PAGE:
The internet changes the way people perceive their own identities as the meaning behind having an identity on the internet shifts. Matters of identity are not affected solely by the way a person interacts with a self created Avatars or by whether or not they choose to maintain Anonymity, but it is also affected by all the actions they perform while on the web, and who views Anonymity interactions with their environment. What exactly constitutes an identity on the internet is debatable. Many casual users see identity as something that can be stolen or as a way to access personal information[1] Neither of these interpretations of identity in the context of the internet is wrong, but they each raise their own contradictions and concerns. For example, does a player's Avatars have any connection to the physical world beyond being created and controlled by the person who claims it as their own, and is this a thing that can be stolen? Inversely, if a person's identity is stolen, though the culprit gains access to that person’s private details, do they, in a way, steal the identity of this person? The Avatars are likely closer to the person who created its personal identity than their checking account number, so even if a person were to steal Avatars, they would not be able to steal the identity of it, since it exists with the creator. Also to consider, personal identification numbers for bank accounts are arbitrary numbers assigned to clients that have nothing to do with their personality, yet they can be considered that person’s identity in the context of the law.

When online, it seems that a personal identity is created by a combination of these things. Though a person can attempt to construct their own identity,[2] To some users, their identity could consist of Paypal statements and bank transactions, yet to others, it is a record of missions completed in a game and posts on a forum.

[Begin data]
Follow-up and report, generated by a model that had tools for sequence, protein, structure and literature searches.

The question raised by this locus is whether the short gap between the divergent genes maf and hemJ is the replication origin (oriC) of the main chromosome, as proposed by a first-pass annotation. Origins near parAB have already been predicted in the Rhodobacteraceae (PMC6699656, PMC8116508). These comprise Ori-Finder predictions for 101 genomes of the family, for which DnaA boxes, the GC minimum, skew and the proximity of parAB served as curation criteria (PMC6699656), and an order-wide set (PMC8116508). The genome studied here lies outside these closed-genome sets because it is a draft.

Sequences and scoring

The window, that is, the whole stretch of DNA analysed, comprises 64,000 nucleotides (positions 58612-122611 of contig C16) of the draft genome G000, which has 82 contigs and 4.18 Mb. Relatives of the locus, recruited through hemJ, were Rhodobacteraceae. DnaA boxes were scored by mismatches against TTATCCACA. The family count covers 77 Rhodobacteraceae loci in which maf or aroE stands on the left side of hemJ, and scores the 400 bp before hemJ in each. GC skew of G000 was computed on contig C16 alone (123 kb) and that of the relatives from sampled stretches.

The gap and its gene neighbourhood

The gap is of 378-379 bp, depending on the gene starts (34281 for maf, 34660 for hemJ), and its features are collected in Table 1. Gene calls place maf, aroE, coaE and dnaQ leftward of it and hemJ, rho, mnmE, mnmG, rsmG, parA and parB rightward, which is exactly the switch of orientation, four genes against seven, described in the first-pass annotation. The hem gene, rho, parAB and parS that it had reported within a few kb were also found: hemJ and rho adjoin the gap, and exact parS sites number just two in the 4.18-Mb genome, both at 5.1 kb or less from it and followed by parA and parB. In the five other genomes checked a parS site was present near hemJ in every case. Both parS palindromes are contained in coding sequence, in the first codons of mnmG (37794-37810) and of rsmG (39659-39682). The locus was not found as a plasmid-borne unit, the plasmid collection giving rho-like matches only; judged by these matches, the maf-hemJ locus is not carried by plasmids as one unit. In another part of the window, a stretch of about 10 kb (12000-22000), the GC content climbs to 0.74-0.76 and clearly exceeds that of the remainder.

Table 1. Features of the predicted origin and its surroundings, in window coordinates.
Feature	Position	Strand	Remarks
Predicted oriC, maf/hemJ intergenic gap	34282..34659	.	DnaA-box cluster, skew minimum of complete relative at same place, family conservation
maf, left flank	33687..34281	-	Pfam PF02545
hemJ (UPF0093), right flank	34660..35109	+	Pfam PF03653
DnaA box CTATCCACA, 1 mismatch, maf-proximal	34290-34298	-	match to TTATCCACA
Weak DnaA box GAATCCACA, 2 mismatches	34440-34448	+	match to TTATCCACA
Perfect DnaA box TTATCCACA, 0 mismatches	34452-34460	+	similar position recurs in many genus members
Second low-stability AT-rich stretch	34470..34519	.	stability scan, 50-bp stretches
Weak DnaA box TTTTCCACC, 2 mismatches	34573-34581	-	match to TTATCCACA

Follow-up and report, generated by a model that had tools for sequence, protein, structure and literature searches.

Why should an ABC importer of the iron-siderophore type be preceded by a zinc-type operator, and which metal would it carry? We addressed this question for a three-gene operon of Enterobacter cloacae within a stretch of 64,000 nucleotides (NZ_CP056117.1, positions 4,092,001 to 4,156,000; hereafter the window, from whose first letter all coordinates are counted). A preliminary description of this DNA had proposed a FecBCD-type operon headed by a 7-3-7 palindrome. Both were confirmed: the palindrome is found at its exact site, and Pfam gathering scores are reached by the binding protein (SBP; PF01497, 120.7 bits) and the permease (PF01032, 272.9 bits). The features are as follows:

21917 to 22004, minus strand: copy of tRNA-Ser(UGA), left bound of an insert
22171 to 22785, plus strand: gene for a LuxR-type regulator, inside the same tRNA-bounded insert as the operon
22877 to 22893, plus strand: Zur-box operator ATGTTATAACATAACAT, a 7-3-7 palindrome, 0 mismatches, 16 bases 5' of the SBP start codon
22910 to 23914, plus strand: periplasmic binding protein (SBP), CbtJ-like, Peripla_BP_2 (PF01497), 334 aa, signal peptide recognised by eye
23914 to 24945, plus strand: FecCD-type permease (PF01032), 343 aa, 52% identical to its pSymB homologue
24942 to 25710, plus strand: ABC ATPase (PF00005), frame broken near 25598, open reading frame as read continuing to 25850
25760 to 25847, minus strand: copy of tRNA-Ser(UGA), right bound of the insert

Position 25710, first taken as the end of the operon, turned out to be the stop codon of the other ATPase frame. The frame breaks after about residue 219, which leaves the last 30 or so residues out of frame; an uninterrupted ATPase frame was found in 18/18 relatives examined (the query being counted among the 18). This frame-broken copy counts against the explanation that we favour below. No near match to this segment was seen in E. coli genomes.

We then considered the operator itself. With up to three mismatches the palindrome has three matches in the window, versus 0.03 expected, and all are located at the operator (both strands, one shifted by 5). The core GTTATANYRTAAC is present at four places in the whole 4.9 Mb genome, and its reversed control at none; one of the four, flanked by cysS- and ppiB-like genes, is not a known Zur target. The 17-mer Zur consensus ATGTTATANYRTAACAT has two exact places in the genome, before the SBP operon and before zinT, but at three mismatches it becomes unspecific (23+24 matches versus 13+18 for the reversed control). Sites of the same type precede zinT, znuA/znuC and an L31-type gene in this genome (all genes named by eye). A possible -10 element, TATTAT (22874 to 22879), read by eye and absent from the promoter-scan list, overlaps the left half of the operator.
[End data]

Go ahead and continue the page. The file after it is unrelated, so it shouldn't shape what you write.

Neither of these interpretations are necessarily wrong as identities emerge through navigating the internet. This creates a far more abstract form of identity that is still relatively new in the world, and as a result, creates problems that have never existed. For example, how is the law supposed to treat identity online when different users identities are constructed of such different things? As it currently stands, it seems that social security numbers and credit card information are the default form of identity in a legal sense on the internet, but as the way people interact on the internet changes, the way identity is viewed may also have to shift.


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  2. Goffman, E. (1959). The presentation of self in everyday life. Garden City, N.Y.: Doubleday.